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Katz, author of Oral Sex That’ll Blow Her Mind, concurs that straight men in particular are eager, but their No. 1 question is “How long am I supposed to do it for?” Katz says this is partly because they’re approaching sex like they might sports. “This [attitude] particularly comes from straight men. We socialize guys into wanting to be able to have a guideline and an answer for everything, and unfortunately, there is no magic formula to having good sex, including good oral sex.”

Indeed, Rose identifies sexual orientation as a key factor in determining how receivers of cunnilingus feel about the act. “Women are more likely to believe that other women would enjoy giving oral sex,” says Rose. “Women who have shame about the look, smell, or taste of their vulvas have come to believe that men think the same way. The truth is, very few men have ever complained to us about the shape of their lover’s vulva or the taste. They just want to be chin deep and feel their women writhe in pleasure.”

Conversely, women may be turning down cunnilingus for reasons that have more to do with what they think they should want than what they actually do. According to Katz, “I think women who sleep with men, particularly straight-identified women, often feel a pressure to not want oral sex because it is selfish, or to only want it for a few minutes and then magically ‘be ready’ for intercourse, so I think a lot of women say they are done before they are, or not into it even if they are.”

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Rose sees the tension women face in terms of accepting oral sex as one that extends far beyond the bedroom. “Women struggle to believe that they are worthy of pleasure, that their lovers enjoy giving them oral stimulation, and struggle to relax enough to be able to feel the exquisite pleasures that cunnilingus offers,” Rose says. “This set of attitudes around receiving pleasure are reflected in all other aspects of women’s life. Does she believe she is worthy of being loved? Is she willing to prioritize her own needs for a moment? Does she understand her body and genitals as something beautiful, lovable and deserving of attention? So cunnilingus becomes the microcosm of a woman’s bigger attitudes about herself, her body and her place in the world.”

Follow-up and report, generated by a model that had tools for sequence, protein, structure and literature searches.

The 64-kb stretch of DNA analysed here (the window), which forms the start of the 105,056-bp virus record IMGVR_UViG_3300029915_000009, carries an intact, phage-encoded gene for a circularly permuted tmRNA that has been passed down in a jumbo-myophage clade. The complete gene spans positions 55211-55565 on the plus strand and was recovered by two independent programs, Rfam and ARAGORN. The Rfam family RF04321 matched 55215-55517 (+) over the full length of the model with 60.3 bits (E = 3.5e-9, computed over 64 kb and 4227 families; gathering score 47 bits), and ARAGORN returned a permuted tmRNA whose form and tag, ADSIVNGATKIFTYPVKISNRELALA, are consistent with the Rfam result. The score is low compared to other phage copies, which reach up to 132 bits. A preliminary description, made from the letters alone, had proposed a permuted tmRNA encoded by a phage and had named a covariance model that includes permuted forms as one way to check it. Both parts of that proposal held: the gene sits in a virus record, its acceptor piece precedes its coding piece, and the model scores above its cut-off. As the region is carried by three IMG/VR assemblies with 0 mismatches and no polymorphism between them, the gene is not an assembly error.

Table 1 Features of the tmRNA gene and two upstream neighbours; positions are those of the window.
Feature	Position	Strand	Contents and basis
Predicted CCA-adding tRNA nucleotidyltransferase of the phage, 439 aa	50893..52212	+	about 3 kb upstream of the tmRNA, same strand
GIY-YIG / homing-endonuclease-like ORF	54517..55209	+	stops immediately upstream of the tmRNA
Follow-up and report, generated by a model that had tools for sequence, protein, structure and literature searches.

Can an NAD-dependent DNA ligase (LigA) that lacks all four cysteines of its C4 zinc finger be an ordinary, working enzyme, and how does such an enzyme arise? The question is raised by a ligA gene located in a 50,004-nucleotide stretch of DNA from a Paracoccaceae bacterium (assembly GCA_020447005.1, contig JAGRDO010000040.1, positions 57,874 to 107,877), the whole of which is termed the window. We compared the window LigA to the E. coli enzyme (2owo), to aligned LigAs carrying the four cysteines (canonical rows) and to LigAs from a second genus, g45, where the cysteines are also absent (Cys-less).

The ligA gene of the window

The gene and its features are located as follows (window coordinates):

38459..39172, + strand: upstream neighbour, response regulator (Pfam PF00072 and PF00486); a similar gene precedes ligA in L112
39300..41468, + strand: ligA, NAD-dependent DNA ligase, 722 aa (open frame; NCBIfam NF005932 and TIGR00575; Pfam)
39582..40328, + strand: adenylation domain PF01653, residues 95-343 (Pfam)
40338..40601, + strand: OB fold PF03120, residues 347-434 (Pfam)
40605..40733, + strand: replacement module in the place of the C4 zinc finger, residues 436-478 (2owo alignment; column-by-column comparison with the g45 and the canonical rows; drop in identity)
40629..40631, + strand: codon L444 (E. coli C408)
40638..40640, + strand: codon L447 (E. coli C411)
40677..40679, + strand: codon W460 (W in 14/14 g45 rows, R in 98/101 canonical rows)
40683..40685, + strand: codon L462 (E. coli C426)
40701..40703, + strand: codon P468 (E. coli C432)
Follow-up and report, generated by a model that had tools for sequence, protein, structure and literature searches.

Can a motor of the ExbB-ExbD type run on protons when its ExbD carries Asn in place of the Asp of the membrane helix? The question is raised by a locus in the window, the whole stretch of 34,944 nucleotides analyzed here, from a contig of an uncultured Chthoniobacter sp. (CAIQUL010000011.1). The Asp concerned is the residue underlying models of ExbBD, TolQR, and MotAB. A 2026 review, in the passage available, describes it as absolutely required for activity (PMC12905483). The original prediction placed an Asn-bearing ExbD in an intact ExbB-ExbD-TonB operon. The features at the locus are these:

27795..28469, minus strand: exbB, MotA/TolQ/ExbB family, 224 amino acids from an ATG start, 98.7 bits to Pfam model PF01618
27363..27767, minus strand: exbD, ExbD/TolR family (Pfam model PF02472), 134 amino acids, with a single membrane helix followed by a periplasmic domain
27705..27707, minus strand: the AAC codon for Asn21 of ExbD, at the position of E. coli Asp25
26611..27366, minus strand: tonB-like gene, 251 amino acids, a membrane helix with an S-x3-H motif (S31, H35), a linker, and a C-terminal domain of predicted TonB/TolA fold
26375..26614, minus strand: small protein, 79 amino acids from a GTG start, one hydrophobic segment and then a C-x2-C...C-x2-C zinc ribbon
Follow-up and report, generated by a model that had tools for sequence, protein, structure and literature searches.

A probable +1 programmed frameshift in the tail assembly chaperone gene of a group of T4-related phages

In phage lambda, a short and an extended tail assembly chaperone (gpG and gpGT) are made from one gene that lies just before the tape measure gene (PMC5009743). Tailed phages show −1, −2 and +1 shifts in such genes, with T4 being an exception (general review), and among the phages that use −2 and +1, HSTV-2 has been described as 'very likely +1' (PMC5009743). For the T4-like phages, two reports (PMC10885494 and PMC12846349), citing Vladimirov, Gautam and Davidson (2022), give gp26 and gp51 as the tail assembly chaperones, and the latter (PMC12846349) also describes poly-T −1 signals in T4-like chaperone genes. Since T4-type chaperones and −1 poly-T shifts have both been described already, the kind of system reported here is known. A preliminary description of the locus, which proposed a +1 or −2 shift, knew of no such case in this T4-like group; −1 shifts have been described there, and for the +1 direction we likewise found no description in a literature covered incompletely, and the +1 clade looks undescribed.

That’s not to say that cunnilingus will be everyone’s sexual cup of tea. My point is certainly not that more women “should” demand cunnilingus, but that they shouldn’t shun it as a matter of course, or make any kind of assumption about what their partner may think (as with all things sex, communication is key). As Jones concludes, “Many women, especially women who don’t have a reason to interact with other women’s genitals, carry a heavy and degrading image about what it must be like to get up close and personal with their pussies. Giving head is a privilege. That’s a message women of every sexual orientation need to hear.”


By Rachel Kramer Bussel

Rachel Kramer Bussel is the author of "Sex & Cupcakes: A Juicy Collection of Essays" and the editor of more than 70 anthologies, including "The Big Book of Orgasms" and the Best Women's Erotica of the Year series. She teaches erotica writing workshops online and in-person, writes widely about books, culture, sex, dating and herself, and Tweets @raquelita.